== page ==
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A solution is at hand, though.
The same principal of heating a surface and allowing the heat to radiate upward can also be applied outdoors to melt snow and ice. Installing a hydronic snow- and ice-melt (SIM) system underneath driveways, sidewalks, stairs, loading docks, wheelchair ramps, and medevac helicopter landing pads, for example, can keep them snow- and ice-free all year.
Other benefitsIn addition to keeping facilities accessible, SIM systems provide a range of other benefits. The most obvious is the time and effort involved with snow removal, but that’s just the beginning.
The costs of buying, storing, and applying salt and sand are eliminated. Also, both salt and sand deteriorate stone and mortar over time, which can result in repair costs.
Additionally, these melting agents are tracked into homes and buildings on boots and shoes, damaging floors and carpeting. In commercial applications, SIM systems have been shown to reduce commercial carpet replacement by as much as one-half to two-thirds.1
A SIM system may also lead to a decrease in the number of liability claims; quickly removing snow and ice may reduce the likelihood of injurious slips and falls.
Hydronic SIM systems can also aid municipalities in complying with the Americans with Disabilities Act (ADA), which requires that private businesses and municipal buildings be accessible to persons with disabilities.
SIM systems help ensure that wheelchair loading ramps and exposed subway and bus platforms are passable in inclement weather.
Weather dictates system designWeather conditions affect the type of system that is required. Average outdoor ambient temperature, both during and after snowfall, and wind speed are the primary considerations.
Very cold air generally contains little moisture. Although many people associate snowfall with cold air, the wind chill factor often makes the air seem colder than it really is. Snow is rare when the temperature is 5Â°F.
However, just as your body burns more energy to counter the effects of a wind chill factor, SIM systems must work harder to melt snow in windy conditions. Then again, spring snows can be wet and heavy, and also require more melting energy.
All of these conditions must be considered in system design.
When designing a system, weather data are examined to determine the average snowfall per hour and average temperature during snowfalls, including the wind chill factor. The system is then designed to remove snow during those conditions.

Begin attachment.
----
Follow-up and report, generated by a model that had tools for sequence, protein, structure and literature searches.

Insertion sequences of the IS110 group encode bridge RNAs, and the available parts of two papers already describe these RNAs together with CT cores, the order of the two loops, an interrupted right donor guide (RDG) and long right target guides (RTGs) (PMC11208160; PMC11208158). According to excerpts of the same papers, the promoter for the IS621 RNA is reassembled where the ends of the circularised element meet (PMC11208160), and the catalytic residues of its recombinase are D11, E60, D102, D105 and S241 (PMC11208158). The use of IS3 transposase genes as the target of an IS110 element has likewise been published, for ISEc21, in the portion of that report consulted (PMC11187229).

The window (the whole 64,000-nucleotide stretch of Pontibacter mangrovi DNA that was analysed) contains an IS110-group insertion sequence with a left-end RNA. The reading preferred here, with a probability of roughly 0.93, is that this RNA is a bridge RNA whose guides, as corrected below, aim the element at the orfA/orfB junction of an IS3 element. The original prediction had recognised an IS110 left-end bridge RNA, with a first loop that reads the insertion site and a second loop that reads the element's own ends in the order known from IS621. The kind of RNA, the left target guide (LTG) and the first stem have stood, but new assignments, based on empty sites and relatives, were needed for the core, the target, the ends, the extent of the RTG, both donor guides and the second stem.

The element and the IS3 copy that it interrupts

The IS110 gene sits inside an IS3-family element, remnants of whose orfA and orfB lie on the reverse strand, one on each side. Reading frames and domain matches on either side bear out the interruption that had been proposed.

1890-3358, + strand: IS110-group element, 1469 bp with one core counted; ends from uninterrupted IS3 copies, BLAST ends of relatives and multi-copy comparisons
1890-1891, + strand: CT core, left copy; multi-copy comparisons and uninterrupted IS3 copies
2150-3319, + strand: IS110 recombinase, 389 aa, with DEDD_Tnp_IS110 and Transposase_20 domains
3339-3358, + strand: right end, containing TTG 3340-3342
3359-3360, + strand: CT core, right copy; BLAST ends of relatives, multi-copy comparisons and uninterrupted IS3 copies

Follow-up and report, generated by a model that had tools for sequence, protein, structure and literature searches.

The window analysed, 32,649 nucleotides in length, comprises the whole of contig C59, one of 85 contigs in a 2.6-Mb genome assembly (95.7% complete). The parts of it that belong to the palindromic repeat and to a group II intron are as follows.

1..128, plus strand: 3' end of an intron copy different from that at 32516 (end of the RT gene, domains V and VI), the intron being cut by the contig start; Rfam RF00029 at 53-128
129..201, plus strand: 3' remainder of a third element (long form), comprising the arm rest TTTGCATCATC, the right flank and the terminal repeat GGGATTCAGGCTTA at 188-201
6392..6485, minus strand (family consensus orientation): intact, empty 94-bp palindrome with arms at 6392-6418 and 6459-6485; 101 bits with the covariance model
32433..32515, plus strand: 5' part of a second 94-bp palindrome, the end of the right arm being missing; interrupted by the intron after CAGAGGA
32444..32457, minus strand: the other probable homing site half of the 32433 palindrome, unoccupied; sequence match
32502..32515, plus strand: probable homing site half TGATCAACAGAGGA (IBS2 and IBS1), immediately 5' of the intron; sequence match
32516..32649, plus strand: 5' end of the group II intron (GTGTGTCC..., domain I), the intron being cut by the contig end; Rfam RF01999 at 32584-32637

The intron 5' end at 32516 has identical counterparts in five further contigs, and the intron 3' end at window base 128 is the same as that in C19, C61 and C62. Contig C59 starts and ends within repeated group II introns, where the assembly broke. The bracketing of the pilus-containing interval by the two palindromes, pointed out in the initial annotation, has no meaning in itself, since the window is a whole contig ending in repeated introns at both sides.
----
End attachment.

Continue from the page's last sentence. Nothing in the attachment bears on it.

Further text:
Accommodating the worst conditions requires that system capacity be increased by closer pipe spacing, or by installing a heat source capable of heating the fluid to higher-than-normal temperatures (but not beyond the tolerances of the surface medium). While the heat source can usually be upgraded at a later time, pipe spacing literally is set in stone.
SIM automationOne of the biggest assets of a SIM system is its versatility. Acceptable levels of snow accumulation vary according to the application.
What may be acceptable on a residential driveway may not be acceptable on a loading dock, and definitely is not acceptable at an emergency room entrance or medevac landing pad.
Once the system is installed, several options are available for operating it, the simplest being an on/off switch. While economical, someone must always be available to activate and deactivate the system.
More common are timer-based systems, which operate similarly to the timers used to activate home lighting. For example, if a snowstorm is expected overnight, the system can be programmed to engage at 1 a.m. and run for 8 hrs.
The most advanced systems are fully automated. Sensors monitor temperature and humidity levels. The system engages automatically when predetermined temperature and moisture parameters are met.
Often these systems are kept at a minimum idling temperature, to ensure quick system response when snowfall begins.
The roads may not always be snow and ice free, but with a SIM system, the pathways to your home and building can be.